- 1 Abstact
- 2 Format
- 3 Content
- 4 Distributions and Datasets
- 5 Discovery
This is a draft
This document defines an organisational profile document, which can be used to discover datasets about aspects of the organisation, and standards-conformant APIs which can be used to interact with some aspect of the organisation.
The profile document is a dataset about the organisation.
|Name||Organization||Contact||Alexander Dutton||University of Oxfordemail@example.com||Christopher Gutteridge||University of Southamptonfirstname.lastname@example.org|
Namespaces used in this document
Wherever possible, we seek to use pre-existing vocabularies and terms. Here are the namespaces we re-use:
|Name||Prefix||Namespace||Documentation||Organization ontology||org||http://www.w3.org/ns/org#||http://www.epimorphics.com/public/vocabulary/org.html||vCard||v||http://www.w3.org/2006/vcard/ns#||http://www.w3.org/TR/vcard-rdf/||SKOS (Simple Knowledge Organization System)||skos||http://www.w3.org/2004/02/skos/core#||http://www.w3.org/2004/02/skos/||FOAF (Friend of a Friend)||foaf||http://xmlns.com/foaf/0.1/||http://xmlns.com/foaf/spec/||DCMI Type (Dublin Core Metadata Initiative Type)||dcmit||http://purl.org/dc/dcmitype/||http://dublincore.org/documents/2002/07/13/dcmi-type-vocabulary/||DCat (Data Catalogue)||dcat||http://www.w3.org/ns/dcat#|
The profile document should be available as either RDF/XML (application/rdf+xml) or Turtle (text/turtle). One may implement content negotiation, but it isn't required.
The document should be of type oo:OrganizationProfileDocument, and contain a foaf:primaryTopic property pointing at the organization. We recommend that you use a class from the Organization ontology, such as org:FormalOrganization
<?xml version="1.0" encoding="utf-8"?> <rdf:RDF xmlns:rdf="http://www.w3.org/1999/02/22-rdf-syntax-ns#" xmlns:foaf="http://xmlns.com/foaf/0.1/" xmlns:org="http://www.w3.org/ns/org#" xmlns:oo="http://purl.org/openorg/"> <oo:OrganizationProfileDocument rdf:about=""> <foaf:primaryTopic> <org:FormalOrganization rdf:about="http://id.example.org/"> <!-- organization metadata --> <!-- profile documents and datasets --> </org:FormalOrganization> </foaf:primaryTopic> </oo:OrganizationProfileDocument> </rdf:RDF>
@prefix rdf: <http://www.w3.org/1999/02/22-rdf-syntax-ns#> . @prefix foaf: <http://xmlns.com/foaf/0.1/> . @prefix org: <http://www.w3.org/ns/org#> . @prefix oo: <http://purl.org/openorg/> . <> a oo:OrganizationProfileDocument ; foaf:primaryTopic <http://id.example.org/> . <http://id.example.org/> a org:FormalOrganization . # organization metadata # profile documents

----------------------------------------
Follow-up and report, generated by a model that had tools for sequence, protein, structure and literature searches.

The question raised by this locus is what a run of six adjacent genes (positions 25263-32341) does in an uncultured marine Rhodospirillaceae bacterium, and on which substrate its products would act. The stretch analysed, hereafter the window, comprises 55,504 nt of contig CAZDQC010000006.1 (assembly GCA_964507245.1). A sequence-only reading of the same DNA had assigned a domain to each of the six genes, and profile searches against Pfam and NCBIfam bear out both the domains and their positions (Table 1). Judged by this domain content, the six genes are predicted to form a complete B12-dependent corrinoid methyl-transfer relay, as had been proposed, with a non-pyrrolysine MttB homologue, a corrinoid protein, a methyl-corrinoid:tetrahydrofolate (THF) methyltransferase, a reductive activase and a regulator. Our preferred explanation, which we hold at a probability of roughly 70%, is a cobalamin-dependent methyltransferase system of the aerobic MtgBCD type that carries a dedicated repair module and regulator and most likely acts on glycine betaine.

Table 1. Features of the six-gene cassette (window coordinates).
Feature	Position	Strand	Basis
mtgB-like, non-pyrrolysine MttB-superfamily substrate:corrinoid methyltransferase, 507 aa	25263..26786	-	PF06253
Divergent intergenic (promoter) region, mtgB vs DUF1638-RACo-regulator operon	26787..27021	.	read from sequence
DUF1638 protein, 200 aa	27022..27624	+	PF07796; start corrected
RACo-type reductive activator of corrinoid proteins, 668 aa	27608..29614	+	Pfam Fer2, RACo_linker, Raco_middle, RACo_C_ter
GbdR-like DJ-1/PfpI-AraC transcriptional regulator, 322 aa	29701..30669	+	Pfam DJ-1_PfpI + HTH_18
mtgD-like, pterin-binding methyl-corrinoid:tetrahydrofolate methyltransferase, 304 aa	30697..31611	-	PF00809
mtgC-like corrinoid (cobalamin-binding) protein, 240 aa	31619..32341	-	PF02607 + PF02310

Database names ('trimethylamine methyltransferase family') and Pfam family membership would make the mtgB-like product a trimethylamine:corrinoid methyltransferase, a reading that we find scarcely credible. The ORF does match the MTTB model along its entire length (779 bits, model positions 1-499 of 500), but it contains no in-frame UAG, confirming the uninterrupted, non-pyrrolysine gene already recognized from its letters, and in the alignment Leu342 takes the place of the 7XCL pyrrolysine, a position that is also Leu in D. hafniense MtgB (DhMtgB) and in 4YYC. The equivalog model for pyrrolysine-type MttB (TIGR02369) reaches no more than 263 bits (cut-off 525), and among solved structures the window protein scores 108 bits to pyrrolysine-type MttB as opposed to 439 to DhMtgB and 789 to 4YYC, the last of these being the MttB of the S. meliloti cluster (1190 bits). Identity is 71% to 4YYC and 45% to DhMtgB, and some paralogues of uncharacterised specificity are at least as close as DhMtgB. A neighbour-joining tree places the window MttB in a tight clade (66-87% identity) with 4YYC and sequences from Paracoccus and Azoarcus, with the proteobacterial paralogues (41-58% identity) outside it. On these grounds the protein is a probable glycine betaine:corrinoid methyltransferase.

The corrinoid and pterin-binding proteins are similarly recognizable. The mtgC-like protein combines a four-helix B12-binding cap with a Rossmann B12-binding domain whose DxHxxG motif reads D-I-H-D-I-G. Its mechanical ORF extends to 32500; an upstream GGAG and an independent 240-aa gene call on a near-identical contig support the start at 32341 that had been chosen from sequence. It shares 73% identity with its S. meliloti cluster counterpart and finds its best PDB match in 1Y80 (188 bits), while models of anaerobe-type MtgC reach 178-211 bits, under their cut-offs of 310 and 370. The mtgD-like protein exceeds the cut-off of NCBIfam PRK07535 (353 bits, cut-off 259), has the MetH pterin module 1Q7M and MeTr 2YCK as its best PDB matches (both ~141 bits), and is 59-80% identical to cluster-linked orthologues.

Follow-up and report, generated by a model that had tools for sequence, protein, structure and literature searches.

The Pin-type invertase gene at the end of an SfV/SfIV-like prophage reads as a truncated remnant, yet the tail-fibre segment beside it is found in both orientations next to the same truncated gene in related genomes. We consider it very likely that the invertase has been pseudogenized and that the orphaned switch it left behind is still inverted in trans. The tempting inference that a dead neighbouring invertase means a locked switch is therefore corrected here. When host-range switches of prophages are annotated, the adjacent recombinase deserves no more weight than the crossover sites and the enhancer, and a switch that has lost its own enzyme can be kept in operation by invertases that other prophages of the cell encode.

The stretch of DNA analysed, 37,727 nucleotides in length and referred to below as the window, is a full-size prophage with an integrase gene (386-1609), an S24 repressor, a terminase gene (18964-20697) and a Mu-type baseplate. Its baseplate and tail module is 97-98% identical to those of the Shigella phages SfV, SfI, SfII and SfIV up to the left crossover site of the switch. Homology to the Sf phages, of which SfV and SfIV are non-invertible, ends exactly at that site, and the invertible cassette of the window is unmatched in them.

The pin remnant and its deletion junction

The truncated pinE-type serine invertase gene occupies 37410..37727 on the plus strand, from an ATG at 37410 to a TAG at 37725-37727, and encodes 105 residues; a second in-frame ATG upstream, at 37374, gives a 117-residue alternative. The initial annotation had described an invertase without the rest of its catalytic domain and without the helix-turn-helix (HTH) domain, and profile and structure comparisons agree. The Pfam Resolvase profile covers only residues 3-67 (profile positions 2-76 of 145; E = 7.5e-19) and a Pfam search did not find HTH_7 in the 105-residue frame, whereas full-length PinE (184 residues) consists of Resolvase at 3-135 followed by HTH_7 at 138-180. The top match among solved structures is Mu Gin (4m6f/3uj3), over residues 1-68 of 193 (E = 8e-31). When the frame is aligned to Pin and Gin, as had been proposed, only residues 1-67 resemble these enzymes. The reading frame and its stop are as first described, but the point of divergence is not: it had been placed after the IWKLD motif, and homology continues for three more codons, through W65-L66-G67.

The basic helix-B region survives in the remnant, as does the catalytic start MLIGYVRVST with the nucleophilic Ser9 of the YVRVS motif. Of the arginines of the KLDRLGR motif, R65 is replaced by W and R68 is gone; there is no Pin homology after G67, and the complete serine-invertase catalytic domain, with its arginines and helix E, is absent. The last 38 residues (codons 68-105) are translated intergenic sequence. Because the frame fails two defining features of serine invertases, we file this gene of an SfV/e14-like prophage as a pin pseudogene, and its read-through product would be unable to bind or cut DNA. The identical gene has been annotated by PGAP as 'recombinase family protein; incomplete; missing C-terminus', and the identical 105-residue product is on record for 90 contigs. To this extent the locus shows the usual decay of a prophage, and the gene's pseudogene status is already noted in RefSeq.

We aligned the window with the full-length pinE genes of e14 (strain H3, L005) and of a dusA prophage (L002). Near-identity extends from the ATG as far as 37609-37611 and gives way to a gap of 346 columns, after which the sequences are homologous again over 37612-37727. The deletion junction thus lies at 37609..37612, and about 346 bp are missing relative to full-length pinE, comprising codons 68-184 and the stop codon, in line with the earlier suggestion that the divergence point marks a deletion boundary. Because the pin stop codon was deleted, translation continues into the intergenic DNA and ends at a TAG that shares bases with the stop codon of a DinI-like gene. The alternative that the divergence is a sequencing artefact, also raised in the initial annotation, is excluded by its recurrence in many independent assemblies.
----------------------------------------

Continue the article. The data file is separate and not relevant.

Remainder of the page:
We recommend that you include the following metadata about your organization:
|Purpose||Predicates||Description||Examples||Requirement||Preferred name||skos:prefLabel||Use skos:prefLabel for the primary (e.g. legally-recognised) name. You may provide names in more than one language if necessary, but there should be at most one in any language.||
<skos:prefLabel xml:lang="en">Cardiff University</skos:prefLabel> <skos:prefLabel xml:lang="cy">Prifysgol Caerdydd</skos:prefLabel>
|MUST||Alternative names||skos:altLabel||Use skos:altLabel for trading names and abbreviations. You may include as many alternative names as you wish.||
|MAY||Hidden names||skos:hiddenLabel||Use skos:hiddenLabel for names your organization is known by, but which aren't official. Examples include colloquial names, and common misspellings. These names may be used to help find your organization in searches. You may include as many hidden names as you wish.||
|MAY||Sort name||ov:sortLabel||A string by which your organization should be sorted. There should be at most one, and your preferred label will be used if one isn't provided.||
<ov:sortLabel>Oxford, University of</ov:sortLabel>
<ov:sortLabel>Saint Andrews, University of</ov:sortLabel>
|MAY||Telephone number (voice)||v:tel||The main contact number for your organization.||